Every day, we are bombarded with data from a variety of sources. Data posing as objective syndicated research appears in media, on industry websites, across our social feeds and more. Yet, opinions and statements may not always be truly objective syndicated research. It is important for travel brands and organizations to understand the methodology of the research they are reporting – especially when investing in data that is used to make key marketing decisions or to report success.

DEFINING SYNDICATED RESEARCH

Syndicated research is funded, conducted and owned by an independent research firm. It is sold or licensed to individuals or organizations interested in the data. The research firm has no vested interest in the results of the data, but it should be able to analyze the data to derive useful insights for its clients. The primary uses of syndicated research are typically to track performance and for competitive comparisons.

KEY ELEMENTS WHEN EVALUATING SYNDICATED RESEARCH

A syndicated research firm should strive to develop and use the best possible objective methodologies for collecting, processing and analyzing data. Trending performance is dependent upon stable and consistent data collection methodologies that stand the test of time. This does not mean that data collection and analysis methodologies do not change; however, there must be compelling reasons to do so, and appropriate testing must be employed to understand potential impacts on the trends. The longer a research firm has been conducting syndicated research in a particular field, the more guidance they can provide.

The syndicated research survey must provide an objective measurement of the population of interest. If, for example, understanding the travel behavior of U.S. residents is the goal, then you must ensure the sample is representative of the U.S. population. Thus, when determining visitor volumes, surveys should be indicative of all residents of a population – both travelers and non-travelers. Additionally, when looking at visitation to a specific destination, the most accurate methodology is to ask survey respondents to list their destinations visited (unaided recall) without the aid of dropdown menus or preselected response options (aided recall). Aided responses create the potential for error – forcing the respondent to choose an option that may be nearby, but not the exact destination visited.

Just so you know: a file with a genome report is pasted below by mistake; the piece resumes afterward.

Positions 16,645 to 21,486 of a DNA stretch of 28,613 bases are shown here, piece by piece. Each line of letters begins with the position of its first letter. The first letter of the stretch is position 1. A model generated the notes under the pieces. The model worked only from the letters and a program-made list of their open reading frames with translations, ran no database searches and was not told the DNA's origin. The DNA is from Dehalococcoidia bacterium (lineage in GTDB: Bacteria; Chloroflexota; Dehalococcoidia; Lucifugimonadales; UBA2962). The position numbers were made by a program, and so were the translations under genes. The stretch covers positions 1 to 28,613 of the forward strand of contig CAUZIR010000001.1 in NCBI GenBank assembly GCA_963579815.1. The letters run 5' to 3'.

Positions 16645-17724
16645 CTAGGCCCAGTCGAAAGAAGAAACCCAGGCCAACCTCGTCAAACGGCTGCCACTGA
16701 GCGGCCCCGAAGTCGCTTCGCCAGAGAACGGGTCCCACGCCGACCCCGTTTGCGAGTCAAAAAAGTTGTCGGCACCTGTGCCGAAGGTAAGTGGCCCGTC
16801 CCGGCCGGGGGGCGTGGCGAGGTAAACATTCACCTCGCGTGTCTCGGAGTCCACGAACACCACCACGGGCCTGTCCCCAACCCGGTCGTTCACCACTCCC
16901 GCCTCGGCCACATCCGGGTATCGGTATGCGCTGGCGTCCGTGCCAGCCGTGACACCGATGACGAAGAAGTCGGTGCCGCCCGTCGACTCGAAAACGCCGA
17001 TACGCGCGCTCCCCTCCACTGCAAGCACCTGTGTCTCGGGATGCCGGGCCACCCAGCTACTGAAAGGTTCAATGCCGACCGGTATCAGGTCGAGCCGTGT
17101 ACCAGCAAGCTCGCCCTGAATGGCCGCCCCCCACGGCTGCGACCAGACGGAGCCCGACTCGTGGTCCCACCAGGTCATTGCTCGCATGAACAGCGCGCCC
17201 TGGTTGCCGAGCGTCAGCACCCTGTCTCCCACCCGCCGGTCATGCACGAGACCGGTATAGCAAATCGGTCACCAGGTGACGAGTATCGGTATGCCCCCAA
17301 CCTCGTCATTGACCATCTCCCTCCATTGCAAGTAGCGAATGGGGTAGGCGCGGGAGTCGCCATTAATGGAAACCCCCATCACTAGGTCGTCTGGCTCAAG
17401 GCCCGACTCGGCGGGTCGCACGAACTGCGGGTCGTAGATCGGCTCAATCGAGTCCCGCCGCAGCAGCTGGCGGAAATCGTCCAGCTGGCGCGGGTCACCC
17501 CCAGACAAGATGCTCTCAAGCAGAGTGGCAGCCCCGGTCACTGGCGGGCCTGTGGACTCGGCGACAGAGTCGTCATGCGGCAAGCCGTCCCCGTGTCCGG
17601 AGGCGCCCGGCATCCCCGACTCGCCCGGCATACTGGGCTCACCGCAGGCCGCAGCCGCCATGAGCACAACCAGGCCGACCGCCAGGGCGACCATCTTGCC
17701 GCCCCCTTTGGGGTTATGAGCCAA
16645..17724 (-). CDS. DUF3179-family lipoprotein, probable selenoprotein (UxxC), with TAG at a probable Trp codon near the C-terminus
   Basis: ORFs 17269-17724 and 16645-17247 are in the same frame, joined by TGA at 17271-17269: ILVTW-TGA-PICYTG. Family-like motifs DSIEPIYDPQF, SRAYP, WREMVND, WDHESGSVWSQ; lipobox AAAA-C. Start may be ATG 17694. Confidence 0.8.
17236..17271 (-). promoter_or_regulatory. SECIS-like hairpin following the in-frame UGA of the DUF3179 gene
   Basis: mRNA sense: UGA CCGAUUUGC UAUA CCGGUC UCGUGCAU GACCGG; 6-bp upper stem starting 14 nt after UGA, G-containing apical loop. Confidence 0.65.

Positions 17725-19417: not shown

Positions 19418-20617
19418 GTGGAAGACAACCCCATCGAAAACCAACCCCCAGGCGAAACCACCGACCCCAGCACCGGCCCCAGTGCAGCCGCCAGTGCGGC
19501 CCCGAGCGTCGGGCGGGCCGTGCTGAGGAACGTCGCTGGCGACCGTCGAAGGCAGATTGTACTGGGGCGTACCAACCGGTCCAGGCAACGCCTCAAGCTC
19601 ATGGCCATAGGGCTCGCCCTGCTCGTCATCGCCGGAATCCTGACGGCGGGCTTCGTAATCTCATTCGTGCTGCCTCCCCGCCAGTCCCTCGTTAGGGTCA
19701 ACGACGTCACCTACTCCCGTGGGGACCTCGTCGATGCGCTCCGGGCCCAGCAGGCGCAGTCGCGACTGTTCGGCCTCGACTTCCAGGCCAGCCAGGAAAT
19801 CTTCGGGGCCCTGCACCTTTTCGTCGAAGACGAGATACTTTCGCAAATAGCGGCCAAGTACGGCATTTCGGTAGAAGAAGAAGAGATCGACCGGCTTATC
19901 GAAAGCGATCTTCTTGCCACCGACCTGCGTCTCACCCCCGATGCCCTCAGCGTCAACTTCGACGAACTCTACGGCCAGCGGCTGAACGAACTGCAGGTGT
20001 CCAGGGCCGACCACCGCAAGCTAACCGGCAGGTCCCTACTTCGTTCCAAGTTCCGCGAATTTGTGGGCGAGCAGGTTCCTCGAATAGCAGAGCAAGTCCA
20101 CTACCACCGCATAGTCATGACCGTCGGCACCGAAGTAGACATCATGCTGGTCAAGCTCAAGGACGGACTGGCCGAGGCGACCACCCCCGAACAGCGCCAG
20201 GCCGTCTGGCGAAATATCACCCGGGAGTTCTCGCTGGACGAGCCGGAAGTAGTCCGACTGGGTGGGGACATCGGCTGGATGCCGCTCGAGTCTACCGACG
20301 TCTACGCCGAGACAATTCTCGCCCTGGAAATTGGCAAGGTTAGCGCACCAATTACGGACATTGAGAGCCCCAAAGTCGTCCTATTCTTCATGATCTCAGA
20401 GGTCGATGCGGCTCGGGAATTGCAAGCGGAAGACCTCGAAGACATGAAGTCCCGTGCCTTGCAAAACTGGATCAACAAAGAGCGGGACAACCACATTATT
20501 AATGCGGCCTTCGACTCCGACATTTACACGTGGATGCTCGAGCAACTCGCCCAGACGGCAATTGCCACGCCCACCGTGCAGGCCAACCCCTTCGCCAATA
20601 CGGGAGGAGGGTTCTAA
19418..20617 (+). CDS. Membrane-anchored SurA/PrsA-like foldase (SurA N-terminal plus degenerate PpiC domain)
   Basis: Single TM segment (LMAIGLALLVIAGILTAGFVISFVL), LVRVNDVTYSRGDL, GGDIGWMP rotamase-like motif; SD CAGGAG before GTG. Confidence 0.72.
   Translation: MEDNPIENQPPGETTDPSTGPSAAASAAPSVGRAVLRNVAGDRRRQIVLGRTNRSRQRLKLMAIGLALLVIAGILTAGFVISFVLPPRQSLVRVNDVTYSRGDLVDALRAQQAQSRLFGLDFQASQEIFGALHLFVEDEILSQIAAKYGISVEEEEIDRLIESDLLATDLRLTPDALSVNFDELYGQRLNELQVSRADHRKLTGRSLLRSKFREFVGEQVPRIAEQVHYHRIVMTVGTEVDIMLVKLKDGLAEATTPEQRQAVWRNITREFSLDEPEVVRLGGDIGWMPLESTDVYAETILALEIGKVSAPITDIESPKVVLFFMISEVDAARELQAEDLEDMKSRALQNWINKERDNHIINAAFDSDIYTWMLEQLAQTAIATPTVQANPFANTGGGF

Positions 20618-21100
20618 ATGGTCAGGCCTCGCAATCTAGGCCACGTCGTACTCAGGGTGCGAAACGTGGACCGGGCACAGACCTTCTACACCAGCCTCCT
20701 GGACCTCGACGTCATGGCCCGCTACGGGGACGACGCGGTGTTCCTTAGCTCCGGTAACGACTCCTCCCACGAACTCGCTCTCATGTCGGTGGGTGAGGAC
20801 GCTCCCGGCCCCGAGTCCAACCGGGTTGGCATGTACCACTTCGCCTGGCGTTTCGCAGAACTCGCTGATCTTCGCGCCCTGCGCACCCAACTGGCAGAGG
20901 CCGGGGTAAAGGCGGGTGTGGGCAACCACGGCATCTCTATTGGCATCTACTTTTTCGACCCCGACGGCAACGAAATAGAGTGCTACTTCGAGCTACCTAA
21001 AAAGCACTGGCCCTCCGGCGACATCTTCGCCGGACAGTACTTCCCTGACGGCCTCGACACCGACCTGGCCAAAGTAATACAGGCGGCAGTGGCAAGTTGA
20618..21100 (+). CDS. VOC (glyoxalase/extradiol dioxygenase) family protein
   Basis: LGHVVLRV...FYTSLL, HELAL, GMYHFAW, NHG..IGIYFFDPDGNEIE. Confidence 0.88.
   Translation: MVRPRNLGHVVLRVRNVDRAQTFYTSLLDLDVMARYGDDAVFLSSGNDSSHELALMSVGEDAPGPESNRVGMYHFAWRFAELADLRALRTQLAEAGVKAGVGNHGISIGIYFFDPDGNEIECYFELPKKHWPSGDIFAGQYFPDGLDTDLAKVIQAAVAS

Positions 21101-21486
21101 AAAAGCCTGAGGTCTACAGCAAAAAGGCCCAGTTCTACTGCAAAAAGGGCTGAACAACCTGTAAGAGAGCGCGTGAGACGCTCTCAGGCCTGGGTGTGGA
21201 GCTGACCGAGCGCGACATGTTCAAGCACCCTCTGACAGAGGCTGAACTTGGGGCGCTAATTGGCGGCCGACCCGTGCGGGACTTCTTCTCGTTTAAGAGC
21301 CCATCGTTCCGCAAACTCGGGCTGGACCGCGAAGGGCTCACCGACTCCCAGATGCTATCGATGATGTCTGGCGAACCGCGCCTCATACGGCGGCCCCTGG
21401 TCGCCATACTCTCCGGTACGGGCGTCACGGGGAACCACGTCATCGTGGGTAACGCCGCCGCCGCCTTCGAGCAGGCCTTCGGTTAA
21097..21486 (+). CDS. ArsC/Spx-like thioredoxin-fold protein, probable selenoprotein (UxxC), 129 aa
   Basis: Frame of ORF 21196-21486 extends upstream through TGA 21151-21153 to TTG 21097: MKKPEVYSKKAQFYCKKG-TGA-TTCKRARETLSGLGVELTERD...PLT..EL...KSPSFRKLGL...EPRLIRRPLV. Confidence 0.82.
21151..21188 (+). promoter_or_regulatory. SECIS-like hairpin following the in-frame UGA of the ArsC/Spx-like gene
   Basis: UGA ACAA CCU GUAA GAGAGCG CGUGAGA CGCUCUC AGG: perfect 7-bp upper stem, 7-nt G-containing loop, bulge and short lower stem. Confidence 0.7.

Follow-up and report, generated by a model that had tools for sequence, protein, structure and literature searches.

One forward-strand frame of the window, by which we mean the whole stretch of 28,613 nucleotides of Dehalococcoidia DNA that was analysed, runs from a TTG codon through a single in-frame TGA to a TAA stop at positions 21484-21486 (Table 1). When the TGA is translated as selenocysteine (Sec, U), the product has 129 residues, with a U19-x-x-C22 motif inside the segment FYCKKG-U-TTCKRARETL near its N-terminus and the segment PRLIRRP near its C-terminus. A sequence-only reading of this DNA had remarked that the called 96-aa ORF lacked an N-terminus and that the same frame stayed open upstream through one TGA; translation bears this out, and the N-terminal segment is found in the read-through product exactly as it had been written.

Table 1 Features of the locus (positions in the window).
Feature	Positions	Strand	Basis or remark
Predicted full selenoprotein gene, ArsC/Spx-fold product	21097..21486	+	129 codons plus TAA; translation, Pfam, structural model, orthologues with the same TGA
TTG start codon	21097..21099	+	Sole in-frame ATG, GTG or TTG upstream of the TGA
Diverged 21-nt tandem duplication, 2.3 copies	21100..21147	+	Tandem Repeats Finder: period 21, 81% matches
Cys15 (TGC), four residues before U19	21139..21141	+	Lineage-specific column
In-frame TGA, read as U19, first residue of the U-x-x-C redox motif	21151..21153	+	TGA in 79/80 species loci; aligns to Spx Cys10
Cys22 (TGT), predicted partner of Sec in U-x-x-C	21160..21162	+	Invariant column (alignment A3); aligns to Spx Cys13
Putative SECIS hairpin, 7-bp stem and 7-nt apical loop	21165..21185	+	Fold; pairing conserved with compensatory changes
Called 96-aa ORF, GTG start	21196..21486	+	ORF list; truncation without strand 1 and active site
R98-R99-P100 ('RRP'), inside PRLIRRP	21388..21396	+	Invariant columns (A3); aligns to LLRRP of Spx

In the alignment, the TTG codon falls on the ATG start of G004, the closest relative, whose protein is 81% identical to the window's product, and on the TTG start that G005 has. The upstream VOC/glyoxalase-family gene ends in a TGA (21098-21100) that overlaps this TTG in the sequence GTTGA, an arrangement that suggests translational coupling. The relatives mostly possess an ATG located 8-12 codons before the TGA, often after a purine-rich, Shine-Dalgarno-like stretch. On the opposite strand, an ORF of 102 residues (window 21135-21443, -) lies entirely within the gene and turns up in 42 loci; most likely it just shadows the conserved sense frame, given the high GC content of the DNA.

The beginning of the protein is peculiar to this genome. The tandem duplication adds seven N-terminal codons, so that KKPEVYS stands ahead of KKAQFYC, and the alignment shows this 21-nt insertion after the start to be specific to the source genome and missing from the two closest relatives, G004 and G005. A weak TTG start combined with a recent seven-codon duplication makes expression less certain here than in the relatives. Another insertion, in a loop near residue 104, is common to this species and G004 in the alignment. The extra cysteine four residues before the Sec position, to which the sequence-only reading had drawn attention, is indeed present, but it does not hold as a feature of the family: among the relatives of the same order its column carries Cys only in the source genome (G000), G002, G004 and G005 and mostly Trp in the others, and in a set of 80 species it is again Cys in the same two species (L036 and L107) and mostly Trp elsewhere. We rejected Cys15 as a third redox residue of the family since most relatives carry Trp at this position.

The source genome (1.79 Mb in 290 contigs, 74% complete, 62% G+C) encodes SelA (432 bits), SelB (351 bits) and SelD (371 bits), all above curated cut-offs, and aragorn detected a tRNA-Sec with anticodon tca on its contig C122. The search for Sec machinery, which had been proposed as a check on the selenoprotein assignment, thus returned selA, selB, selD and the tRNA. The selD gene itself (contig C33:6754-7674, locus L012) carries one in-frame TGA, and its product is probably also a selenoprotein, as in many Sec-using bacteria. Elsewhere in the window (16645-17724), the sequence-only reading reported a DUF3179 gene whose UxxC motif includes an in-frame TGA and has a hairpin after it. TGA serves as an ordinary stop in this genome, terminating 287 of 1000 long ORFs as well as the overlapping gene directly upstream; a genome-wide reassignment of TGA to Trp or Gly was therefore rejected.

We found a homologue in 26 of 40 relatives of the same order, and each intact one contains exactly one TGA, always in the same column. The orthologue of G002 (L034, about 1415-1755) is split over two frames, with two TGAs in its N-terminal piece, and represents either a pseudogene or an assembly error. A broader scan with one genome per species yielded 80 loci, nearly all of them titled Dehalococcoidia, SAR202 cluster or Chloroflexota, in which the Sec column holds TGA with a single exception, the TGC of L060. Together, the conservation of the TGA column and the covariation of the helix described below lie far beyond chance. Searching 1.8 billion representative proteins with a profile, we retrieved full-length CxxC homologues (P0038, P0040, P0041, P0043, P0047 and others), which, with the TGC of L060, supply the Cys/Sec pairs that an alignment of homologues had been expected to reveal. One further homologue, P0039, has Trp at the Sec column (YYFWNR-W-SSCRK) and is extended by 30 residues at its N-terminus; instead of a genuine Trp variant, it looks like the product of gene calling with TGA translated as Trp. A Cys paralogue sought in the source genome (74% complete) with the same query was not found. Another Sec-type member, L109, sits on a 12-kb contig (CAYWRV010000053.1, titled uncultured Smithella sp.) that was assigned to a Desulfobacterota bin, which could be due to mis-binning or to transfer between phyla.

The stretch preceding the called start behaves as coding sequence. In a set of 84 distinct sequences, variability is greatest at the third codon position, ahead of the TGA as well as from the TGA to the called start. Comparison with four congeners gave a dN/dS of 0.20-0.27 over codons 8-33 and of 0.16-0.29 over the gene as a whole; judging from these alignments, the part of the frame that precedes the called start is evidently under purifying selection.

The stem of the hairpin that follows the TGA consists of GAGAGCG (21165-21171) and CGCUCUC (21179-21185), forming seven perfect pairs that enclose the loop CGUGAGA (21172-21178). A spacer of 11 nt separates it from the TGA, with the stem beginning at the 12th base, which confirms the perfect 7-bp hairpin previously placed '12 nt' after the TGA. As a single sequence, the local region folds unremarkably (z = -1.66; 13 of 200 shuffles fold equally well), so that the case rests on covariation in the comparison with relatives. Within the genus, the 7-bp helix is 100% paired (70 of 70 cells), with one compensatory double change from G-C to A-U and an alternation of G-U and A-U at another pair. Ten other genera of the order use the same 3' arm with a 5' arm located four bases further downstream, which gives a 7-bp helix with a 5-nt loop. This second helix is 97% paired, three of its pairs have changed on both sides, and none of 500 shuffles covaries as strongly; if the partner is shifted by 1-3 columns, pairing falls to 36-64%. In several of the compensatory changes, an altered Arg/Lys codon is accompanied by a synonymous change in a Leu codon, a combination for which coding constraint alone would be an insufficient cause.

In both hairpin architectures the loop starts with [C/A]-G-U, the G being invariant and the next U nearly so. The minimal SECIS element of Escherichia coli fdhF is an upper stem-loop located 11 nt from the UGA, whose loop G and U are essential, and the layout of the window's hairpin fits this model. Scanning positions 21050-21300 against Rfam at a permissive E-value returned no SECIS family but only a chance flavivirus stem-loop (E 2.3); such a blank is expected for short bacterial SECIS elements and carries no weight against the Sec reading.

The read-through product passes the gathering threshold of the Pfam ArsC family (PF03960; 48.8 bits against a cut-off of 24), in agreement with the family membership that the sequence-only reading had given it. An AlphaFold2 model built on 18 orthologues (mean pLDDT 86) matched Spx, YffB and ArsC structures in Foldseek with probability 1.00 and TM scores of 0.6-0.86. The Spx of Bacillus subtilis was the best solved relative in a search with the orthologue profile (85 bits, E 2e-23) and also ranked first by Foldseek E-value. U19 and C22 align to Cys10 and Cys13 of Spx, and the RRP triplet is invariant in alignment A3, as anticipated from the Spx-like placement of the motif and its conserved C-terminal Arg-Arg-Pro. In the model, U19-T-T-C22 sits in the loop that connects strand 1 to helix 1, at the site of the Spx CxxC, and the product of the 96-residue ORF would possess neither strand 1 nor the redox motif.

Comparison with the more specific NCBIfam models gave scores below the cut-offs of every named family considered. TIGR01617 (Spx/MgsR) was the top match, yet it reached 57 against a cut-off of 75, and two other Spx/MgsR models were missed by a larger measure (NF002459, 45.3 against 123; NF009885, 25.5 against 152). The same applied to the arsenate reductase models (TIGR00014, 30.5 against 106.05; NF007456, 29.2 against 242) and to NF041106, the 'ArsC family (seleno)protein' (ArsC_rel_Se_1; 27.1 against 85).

Sample size is important. Sample size should always be considered based on the number of completed surveys, not just the number of surveys distributed. For example, we may invite 20,000 people to participate in a survey, yet only 5,000 may actually complete the survey. Thus, the data reported are based on 5,000, not 20,000 respondents. This is important when determining the statistical validity of the data – especially when looking at cross sections of data. For example, the total sample of respondents visiting a destination may be 600 respondents. If, however, we only want to know about specific behaviors of business travelers, who make up only 20 percent of total travelers to a destination, then we are looking at data based on a much smaller sample of 120 respondents. These data can be very valuable, particularly for directional trends; just make sure you understand the amount of error being introduced by smaller samples. While it is not always possible, a good rule of thumb for any analysis is a sample of 400 respondents, as the increases in variability are very small for samples of greater than 400.

Understand the source. The source for who is invited to complete the survey is rarely considered when evaluating data, but extremely important in the quality of respondent. This is particularly true when a web-based survey method is used. Some surveys are just “put out there,” and anyone who happens to see it is asked to participate. This is called a river sample and produces the least representative and most biased samples. There are other panel sources that use a combination of several panels to obtain the desired number of completed surveys. These are better than river samples, but typically not as good as panels managed by a single source. Companies that own and manage their panels understand the characteristics of their panel participants and can more accurately generate samples representing the target audience. The most representative of all are panels constructed using address-based methodology.

Consider the timing of the survey. Survey timing is important for two reasons. First, the more frequently a survey is conducted, the more likely it is that recent behavior will be observed and that the effects time has on memory will be mitigated. The second has to do with the behavior being measured. For example, we know that travel behavior changes depending on the season of the year or even in specific months of the year and that these time frames can differ by destination. Thus, monthly is the optimal survey frequency for syndicated travel research.

With questions, please reach out to Cheryl Schutz at cschutz@dkshifflet.com.